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Good point @kitedemon

Just a general thought, not directed at anybody:
My printers are certainly not perfect and as you get deeper into the rabbit hole of trying to achieve better results you end up getting very diminishing returns for the effort you have output. It’s pretty easy to start chasing your tail and you need to be able to step back and decide if where your results are at is good enough for your application.

Doesn’t how well the material prints also affect print speed IE: print to fast and layer adhesion drops. Don’t filaments have a “maximum” speed that they can be printed at without causing troubles irregardless of how fast the printer will lay down filament.

That I’m not too sure about. I’m not sure if its so much the speed of the movements as it is that the hot end can’t melt and push out enough material. Might be a bit of both? :man_shrugging:
I don’t really push the speed of my prints so this isn’t an area I have done a lot of looking into

Your right about it being a “melt and push” limit. Any filament has a temp limit, PLA is usually around 220 I think and if you force it to a higher temp it has adverse effects on it. That limits the amount of filament that can be pushed through the nozzle at any given time. So if you can only extrude a given amount of filament and you bump the speed up it doesn’t print properly like poor layer adhesion as an example. This would be OK if you could increase the nozzle temp. but that goes back to max. filament temperature problems. A vicious circle. This is why I don’t understand how some printers are suppose to be able to print at very fast speeds, like Vorons printing at 500 to 1000mm/sec. You can and I believe they do use something like a Volcano hot end but there is still the filament temp limit. My Ender3v2 will normally print at about 50mm/sec for PLA but it will print at 150mm/sec you just won’t like how the print comes out.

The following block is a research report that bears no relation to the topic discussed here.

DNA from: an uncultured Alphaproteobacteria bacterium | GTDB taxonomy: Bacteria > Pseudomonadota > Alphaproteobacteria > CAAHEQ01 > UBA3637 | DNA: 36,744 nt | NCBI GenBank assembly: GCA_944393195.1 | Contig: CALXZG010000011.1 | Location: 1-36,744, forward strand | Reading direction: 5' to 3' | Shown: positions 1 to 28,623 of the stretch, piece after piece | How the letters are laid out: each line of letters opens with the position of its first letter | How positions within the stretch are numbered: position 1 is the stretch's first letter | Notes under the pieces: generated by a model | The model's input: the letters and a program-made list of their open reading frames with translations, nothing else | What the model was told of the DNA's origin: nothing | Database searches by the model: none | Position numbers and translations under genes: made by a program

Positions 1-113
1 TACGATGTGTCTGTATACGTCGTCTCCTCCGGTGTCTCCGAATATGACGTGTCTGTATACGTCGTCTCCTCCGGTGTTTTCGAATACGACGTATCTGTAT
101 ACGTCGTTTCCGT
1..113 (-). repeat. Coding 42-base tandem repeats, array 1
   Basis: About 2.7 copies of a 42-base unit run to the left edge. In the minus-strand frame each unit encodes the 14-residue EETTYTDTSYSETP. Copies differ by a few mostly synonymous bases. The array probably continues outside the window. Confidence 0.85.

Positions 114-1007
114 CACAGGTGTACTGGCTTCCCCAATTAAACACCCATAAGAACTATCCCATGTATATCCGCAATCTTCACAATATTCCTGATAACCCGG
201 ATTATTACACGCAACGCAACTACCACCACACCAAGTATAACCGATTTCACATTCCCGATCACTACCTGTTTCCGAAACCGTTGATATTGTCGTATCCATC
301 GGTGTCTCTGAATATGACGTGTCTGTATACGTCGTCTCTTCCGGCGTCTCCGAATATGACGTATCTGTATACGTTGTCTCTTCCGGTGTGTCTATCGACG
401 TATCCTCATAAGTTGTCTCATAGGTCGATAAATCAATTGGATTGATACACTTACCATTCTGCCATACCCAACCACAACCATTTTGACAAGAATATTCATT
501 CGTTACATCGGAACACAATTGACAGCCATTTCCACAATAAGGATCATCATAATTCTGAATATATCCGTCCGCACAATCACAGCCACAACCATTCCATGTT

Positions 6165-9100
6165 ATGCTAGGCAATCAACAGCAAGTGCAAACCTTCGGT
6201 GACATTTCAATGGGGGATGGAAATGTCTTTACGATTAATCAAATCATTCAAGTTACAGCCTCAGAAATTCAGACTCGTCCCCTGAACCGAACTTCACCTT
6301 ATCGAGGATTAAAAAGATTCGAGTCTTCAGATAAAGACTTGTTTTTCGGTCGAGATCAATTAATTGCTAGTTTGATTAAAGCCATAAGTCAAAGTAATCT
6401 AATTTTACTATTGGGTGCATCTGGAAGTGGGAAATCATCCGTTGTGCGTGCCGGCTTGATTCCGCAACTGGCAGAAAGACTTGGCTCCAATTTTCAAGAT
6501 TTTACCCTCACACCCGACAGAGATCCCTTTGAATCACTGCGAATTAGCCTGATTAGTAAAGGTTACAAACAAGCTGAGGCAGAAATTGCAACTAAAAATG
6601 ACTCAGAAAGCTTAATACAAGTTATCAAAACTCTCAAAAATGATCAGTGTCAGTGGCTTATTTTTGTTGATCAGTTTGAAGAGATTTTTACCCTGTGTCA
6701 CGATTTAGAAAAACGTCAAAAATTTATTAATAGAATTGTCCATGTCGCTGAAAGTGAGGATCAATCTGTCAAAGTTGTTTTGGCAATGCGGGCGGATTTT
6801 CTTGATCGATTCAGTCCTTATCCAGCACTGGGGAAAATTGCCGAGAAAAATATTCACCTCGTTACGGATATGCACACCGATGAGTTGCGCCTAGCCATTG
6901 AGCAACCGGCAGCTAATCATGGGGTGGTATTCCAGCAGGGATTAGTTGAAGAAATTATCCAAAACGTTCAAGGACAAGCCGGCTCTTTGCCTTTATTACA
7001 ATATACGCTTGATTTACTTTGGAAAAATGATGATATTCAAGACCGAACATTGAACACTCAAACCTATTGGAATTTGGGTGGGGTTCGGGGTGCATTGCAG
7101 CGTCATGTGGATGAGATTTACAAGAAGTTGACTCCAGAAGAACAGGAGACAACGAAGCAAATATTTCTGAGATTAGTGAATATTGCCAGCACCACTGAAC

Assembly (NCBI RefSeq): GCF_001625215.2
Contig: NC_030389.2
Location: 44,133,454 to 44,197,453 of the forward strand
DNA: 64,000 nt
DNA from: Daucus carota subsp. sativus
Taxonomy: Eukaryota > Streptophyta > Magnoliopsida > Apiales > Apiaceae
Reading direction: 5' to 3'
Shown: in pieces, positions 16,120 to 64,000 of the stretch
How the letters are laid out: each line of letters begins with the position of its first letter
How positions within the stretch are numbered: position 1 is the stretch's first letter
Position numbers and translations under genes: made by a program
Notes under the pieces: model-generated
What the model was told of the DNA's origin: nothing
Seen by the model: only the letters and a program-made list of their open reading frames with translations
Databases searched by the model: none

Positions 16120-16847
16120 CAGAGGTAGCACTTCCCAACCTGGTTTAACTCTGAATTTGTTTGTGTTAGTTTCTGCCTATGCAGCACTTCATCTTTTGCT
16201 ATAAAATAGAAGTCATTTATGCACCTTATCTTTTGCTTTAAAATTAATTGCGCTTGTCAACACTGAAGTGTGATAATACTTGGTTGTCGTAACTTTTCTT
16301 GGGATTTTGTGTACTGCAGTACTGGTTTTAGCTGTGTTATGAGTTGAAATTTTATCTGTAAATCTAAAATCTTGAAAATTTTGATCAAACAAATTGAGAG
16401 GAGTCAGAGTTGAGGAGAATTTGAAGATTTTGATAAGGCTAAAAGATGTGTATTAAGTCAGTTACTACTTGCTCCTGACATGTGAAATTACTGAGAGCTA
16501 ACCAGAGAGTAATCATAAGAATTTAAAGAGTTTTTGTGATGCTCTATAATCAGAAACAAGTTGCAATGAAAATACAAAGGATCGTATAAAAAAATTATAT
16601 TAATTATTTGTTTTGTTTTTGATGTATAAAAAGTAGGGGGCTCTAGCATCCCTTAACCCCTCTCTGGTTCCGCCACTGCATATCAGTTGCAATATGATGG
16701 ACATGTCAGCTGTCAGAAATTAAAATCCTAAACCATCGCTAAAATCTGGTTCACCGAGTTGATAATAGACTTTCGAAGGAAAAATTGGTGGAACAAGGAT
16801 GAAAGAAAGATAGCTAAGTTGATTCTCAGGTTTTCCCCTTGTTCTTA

That is the world as I know it, if I have this all wrong then let me know.

@Loosenut that is not my experience. When I was running a 0.8 I needed to up the temps quite a lot PLA at around 275. Not that the filament ever reached that due to the flow being so high. There is always a limit it is only from trial and error can the limit be found each formulation is likely to be have differently so at some point testing is necessary. Speed has a lot to do with how rigid the printer is, although flow rates also effect it.

I can run my Artillery to 45mm/s before the print quality is really bad. My Prusa with a far more rigid frame will handle 65mm/s. A core xy with a frame that is very rigid and a bed not being tossed around will be able to easily exceed these as long as the extruder can match the flow. Higher temps and delivery through the hot end can greatly increase the flow rates.

I have a volcano on the X1 sadly the frame cannot support the flow rate. Until I changed the nozzle diameter. I didn’t like the 0.8 much so I am using a 0.6 now. It can almost (not quite) print the same speed of the Prusa.

I was thinking about factors and flow with a .4 nozzle.

The faster you print the higher the flow and as you start to max the flow rate of the extruder if you raise the temp you can increase the flow rate. The same is true at any nozzle size you just hit the limit of flow faster.

Additionally the hotter you print PLA the harder it becomes. to some extent you can increase the hardness of PLA with temp. This is also seen in annealing the prints after printing. Same thing in many ways.